Advertisement

Molecular Diagnosis of Severe Acute Respiratory Syndrome

  • Enders K. O. Ng
  • Y. M. Dennis Lo
Part of the Methods in Molecular Biology™ book series (MIMB, volume 336)

Abstract

The etiologic agent of severe acute respiratory syndrome (SARS) has been identified as a new type of coronavirus, known as SARS-coronavirus (SARS-CoV). Although the SARS epidemic has subsided, many authorities, including the World Health Organization (WHO) and the Centers for Disease Control and Prevention (CDC), have warned of the possible re-emergence of this highly infectious disease. Although antibody-based diagnosis of SARS has been demonstrated to be a reliable proof of SARS infection, it is not sensitive enough for detection during the early phase of the disease. To date, based on the publicly released full genomic sequences of SARS-CoV, various molecular detection methods based on reverse-transcription polymerase chain reaction (RT-PCR) have been developed. Although most of the assays have initially been focused on RNA extracted from nasopharyngeal aspirates, urine, and stools, several of the more recently developed assays have been based on the analysis of RNA extracted from plasma and serum. Such assays allow the more standardized quantitative expression of viral loads and are potentially useful for early SARS diagnosis. In this chapter, two real-time quantitative RT-PCR systems for the quantification of SARS-CoV RNA in serum are discussed. The two RT-PCR systems, one aimed toward the nucleocapsid region and the other toward the polymerase region of the virus genome, have a detection rate of up to 80% during the first week of illness. These quantitative systems are potentially useful for the early diagnosis of SARS and can also provide viral load information that might assist clinicians in making a prognostic evaluation of an infected individual.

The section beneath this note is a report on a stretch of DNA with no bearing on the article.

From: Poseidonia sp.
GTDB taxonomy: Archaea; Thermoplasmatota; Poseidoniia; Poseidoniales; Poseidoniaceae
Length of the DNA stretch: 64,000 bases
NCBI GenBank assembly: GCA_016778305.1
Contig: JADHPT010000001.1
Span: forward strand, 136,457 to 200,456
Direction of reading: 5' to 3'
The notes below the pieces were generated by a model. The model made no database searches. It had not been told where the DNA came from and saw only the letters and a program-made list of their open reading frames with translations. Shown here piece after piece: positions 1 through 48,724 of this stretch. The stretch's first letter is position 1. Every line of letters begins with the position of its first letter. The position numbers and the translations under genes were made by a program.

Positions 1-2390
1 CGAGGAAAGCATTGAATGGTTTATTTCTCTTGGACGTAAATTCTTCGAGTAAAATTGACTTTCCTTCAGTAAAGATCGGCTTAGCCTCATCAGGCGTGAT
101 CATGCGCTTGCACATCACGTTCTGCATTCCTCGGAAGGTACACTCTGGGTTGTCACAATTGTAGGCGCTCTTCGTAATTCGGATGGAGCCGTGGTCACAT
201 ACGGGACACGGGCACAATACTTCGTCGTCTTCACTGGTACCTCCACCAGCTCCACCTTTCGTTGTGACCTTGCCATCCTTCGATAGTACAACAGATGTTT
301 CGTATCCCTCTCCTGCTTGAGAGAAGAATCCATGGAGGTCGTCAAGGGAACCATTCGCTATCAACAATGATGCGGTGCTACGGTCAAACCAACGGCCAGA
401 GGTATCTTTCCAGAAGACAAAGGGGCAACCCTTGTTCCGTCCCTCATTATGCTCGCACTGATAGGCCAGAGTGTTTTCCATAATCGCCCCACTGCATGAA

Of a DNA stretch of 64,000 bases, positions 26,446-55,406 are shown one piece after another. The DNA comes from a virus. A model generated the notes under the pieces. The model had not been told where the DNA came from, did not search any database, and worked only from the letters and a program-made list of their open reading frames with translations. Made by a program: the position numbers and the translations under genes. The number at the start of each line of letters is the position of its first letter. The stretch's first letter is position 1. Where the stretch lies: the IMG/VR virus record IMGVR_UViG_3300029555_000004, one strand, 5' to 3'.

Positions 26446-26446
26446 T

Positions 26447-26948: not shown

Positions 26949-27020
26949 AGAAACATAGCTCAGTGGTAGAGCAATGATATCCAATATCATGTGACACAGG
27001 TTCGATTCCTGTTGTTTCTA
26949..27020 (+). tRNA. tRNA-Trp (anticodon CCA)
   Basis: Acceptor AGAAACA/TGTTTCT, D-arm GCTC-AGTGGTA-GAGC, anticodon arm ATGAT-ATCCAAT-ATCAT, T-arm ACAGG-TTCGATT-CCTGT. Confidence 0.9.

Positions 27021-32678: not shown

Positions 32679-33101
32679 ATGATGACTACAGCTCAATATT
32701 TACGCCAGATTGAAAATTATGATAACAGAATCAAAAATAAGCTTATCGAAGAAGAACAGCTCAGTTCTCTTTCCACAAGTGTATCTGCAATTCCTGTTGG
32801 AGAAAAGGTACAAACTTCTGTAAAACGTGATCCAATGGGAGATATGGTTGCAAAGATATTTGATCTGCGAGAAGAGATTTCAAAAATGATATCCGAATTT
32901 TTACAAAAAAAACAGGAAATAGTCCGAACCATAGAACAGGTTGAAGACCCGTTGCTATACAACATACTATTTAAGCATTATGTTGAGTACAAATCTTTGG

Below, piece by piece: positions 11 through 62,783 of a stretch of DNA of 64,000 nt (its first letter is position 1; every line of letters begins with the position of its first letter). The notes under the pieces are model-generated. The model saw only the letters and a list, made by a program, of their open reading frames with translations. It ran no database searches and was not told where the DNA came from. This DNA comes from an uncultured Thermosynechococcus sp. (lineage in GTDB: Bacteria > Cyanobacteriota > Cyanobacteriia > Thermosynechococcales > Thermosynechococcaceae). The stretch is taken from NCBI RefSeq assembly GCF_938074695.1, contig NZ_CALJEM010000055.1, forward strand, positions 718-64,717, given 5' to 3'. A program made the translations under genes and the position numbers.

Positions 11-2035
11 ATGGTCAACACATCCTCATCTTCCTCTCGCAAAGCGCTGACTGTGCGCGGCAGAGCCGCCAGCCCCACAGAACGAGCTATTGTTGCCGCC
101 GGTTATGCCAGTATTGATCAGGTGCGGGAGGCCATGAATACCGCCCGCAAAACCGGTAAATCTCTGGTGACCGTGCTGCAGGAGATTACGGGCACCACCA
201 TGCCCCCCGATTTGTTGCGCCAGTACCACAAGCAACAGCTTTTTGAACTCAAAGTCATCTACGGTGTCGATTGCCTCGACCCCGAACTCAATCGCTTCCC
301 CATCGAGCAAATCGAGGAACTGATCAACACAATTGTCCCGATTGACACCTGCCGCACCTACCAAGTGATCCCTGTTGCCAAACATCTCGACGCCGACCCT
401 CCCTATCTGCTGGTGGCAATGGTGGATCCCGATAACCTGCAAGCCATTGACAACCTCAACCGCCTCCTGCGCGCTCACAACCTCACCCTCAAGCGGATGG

Key Words

Serum RNA SARS-CoV RNA viral RNA extraction RNA quantification real-time quantitative reverse-transcription PCR 

Notes

Acknowledgments

This work is supported by a Special Grant for SARS Research (CUHK 4508/ 03M) from the Research Grants Council of the Hong Kong Special Administrative Region (China).

References

  1. 1.
    Peiris, J. S., Guan, Y., and Yuen, K. Y. (2004) Severe acute respiratory syndrome. Nat. Med. 10, S88–S97.PubMedCrossRefGoogle Scholar
  2. 2.
    Drosten, C., Gunther, S., Preiser, W., et al. (2003) Identification of a novel coronavirus in patients with severe acute respiratory syndrome. N. Engl. J. Med. 348, 1967–1976.PubMedCrossRefGoogle Scholar
  3. 3.
    Peiris, J. S., Lai, S. T., Poon, L. L. M., et al. (2003) Coronavirus as a possible cause of severe acute respiratory syndrome. Lancet 361, 1319–1325.PubMedCrossRefGoogle Scholar
  4. 4.
    Poutanen, S. M., Low, D. E., Henry, B., et al. (2003) Identification of severe acute respiratory syndrome in Canada. N. Engl. J. Med. 348, 1995–2005.PubMedCrossRefGoogle Scholar
  5. 5.
    Fouchier, R. A., Kuiken, T., Schutten, M., et al. (2003) Aetiology: Koch’s postulates fulfilled for SARS virus. Nature 423, 240.PubMedCrossRefGoogle Scholar
  6. 6.
    Kuiken, T., Fouchier, R. A. M., Schutten, M., et al. (2003) Newly discovered coronavirus as the primary cause of severe acute respiratory syndrome. Lancet 362, 263–270.PubMedCrossRefGoogle Scholar
  7. 7.
    Peiris, J. S., Chu, C. M., Cheng, V. C., et al. (2003) Clinical progression and viral load in a community outbreak of coronavirus-associated SARS pneumonia: a prospective study. Lancet 361, 1767–1772.PubMedCrossRefGoogle Scholar
  8. 8.
    Tsui, S. K. W., Chim, S. S. C., Lo, Y. M. D., and The Chinese University of Hong Kong Molecular SARS Research Group. (2003) Coronavirus genomic-sequence variations and the epidemiology of the severe acute respiratory syndrome. N. Engl. J. Med. 349, 187–188.PubMedCrossRefGoogle Scholar
  9. 9.
    Rota, P. A., Oberste, M. S., Monroe, S. S., et al. (2003) Characterization of a novel coronavirus associated with severe acute respiratory syndrome. Science 300, 1394–1399.PubMedCrossRefGoogle Scholar
  10. 10.